Six people were executed today after being sentenced to death in October 2014 in a military trial, known as the Arab Sharkas case, which human rights observers have labeled as flawed, the Middle East News Agency reported.
The men were convicted of belonging to the militant group Province of Sinai (formerly known as Ansar Beit al-Maqdes), and carrying out several attacks against military forces in March 2014.
Lawyer Ahmed Helmy, representing four of the defendants in the case, told Mada Masr that the executions came as a surprise to lawyers, who were still in the process of challenging case procedures in the State Council, and had requested a retrial. They learned about the executions when they received news that the defendants had been removed from their cells on Saturday night.
Helmy said he thinks the individuals executed were scapegoats.
“They used them to send a message following Morsi’s verdict that the state can indeed carry out these sentences,” he said, referring to the death sentences issued yesterday against former President Mohamed Morsi and other leading Muslim Brotherhood figures.
The military prosecution accused the defendants of planning and executing an armed attack on a bus transporting soldiers in Cairo’s Amreya district on March 13, 2014, which resulted in the death of a sergeant in the Armed Forces.
They were also held responsible for an attack that took place two days later, which led to the death of six soldiers at a military police checkpoint in the Musturud area of northern Cairo, as well as participating in a shoot out with the Armed Forces on March 19, when they raided an abandoned warehouse in Ezbet Arab Sharkas, Qalyubia, during which a brigadier and a colonel in the Armed Forces were killed.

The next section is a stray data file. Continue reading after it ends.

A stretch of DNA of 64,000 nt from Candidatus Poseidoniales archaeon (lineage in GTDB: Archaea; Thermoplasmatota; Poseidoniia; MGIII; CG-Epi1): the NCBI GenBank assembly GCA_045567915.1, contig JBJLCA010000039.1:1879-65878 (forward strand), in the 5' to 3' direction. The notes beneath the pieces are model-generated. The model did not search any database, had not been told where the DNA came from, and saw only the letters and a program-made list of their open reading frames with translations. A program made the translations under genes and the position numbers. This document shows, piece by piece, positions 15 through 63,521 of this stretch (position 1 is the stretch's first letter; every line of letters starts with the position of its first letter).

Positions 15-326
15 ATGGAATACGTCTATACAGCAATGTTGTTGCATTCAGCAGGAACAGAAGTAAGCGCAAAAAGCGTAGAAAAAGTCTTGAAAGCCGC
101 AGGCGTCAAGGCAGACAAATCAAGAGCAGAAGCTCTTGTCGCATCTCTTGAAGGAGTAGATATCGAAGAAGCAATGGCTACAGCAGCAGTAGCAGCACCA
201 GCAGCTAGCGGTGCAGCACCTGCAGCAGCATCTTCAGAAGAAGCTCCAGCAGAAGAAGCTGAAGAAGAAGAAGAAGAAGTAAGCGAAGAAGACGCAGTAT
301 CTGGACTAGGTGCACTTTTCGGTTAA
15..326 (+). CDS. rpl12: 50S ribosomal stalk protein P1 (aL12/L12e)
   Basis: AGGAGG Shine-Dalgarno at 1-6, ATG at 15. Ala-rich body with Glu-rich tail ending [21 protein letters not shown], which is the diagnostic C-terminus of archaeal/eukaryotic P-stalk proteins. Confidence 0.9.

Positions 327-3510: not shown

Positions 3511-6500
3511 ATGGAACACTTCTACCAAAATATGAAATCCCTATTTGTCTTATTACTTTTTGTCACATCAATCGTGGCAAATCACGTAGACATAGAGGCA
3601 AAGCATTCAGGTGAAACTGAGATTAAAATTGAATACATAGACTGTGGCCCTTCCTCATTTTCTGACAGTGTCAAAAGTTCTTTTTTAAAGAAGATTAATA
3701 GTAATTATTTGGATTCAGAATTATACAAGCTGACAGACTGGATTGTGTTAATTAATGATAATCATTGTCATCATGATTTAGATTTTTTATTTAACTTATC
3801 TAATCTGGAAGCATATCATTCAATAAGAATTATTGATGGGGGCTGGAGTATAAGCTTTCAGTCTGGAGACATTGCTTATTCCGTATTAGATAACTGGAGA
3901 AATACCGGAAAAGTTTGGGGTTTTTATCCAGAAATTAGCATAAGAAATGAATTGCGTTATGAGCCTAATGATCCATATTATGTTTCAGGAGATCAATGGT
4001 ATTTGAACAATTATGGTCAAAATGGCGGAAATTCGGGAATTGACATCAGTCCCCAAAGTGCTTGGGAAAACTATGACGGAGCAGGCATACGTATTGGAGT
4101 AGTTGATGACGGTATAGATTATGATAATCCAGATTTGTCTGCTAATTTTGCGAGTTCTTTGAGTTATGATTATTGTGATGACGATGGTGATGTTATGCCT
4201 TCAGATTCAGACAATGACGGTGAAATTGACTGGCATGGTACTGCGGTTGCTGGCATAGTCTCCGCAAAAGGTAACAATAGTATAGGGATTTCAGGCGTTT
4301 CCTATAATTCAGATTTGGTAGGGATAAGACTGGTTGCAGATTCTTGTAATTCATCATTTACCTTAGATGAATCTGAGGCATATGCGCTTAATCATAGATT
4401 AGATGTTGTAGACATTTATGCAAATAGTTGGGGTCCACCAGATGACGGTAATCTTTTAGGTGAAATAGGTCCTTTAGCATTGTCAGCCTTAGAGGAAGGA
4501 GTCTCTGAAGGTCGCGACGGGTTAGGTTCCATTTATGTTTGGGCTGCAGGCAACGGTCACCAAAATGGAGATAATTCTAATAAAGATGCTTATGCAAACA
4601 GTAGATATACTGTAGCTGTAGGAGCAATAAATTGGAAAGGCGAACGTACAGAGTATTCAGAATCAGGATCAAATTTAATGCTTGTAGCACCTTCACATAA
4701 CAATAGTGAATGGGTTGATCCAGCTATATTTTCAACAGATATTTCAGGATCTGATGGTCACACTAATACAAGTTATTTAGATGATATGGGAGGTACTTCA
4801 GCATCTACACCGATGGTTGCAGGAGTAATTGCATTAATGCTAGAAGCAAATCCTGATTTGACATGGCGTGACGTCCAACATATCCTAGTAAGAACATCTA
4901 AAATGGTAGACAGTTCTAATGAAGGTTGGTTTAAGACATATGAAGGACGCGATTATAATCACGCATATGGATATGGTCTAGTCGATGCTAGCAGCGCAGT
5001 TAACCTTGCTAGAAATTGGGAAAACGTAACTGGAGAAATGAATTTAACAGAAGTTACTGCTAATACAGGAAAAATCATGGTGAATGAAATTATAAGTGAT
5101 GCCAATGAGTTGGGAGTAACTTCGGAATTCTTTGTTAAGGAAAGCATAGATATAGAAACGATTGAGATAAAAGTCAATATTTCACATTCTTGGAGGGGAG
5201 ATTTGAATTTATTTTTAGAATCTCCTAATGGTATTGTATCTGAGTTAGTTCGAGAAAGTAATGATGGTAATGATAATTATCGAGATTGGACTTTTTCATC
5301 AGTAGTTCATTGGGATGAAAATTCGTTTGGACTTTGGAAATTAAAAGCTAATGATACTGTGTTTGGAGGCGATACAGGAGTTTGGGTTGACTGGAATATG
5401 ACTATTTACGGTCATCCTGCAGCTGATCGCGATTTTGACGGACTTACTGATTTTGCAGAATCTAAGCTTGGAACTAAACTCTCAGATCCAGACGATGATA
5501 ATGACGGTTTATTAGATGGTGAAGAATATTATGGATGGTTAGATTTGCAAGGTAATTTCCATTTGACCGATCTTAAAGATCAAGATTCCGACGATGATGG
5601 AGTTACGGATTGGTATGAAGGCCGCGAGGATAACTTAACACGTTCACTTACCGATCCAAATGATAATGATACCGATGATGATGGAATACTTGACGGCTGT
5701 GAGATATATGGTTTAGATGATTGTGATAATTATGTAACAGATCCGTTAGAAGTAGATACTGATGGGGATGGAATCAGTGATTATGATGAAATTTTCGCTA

Last April, Human Rights Watch urged Egyptians authorities to halt the executions, asserting that there is evidence that some of the defendants were already in custody at the time of the crimes they were convicted for. Two of the nine men on trial in the case were sentenced to life in prison, while one was sentenced to death in absentia.
“Egypt’s courts have routinely abandoned due process, but if these executions go ahead it will represent an egregious new low,” said Sarah Leah Whitson, Middle East and North Africa Director said in the statement at the time. “Civilians should never face trial before military courts or face execution as a result.”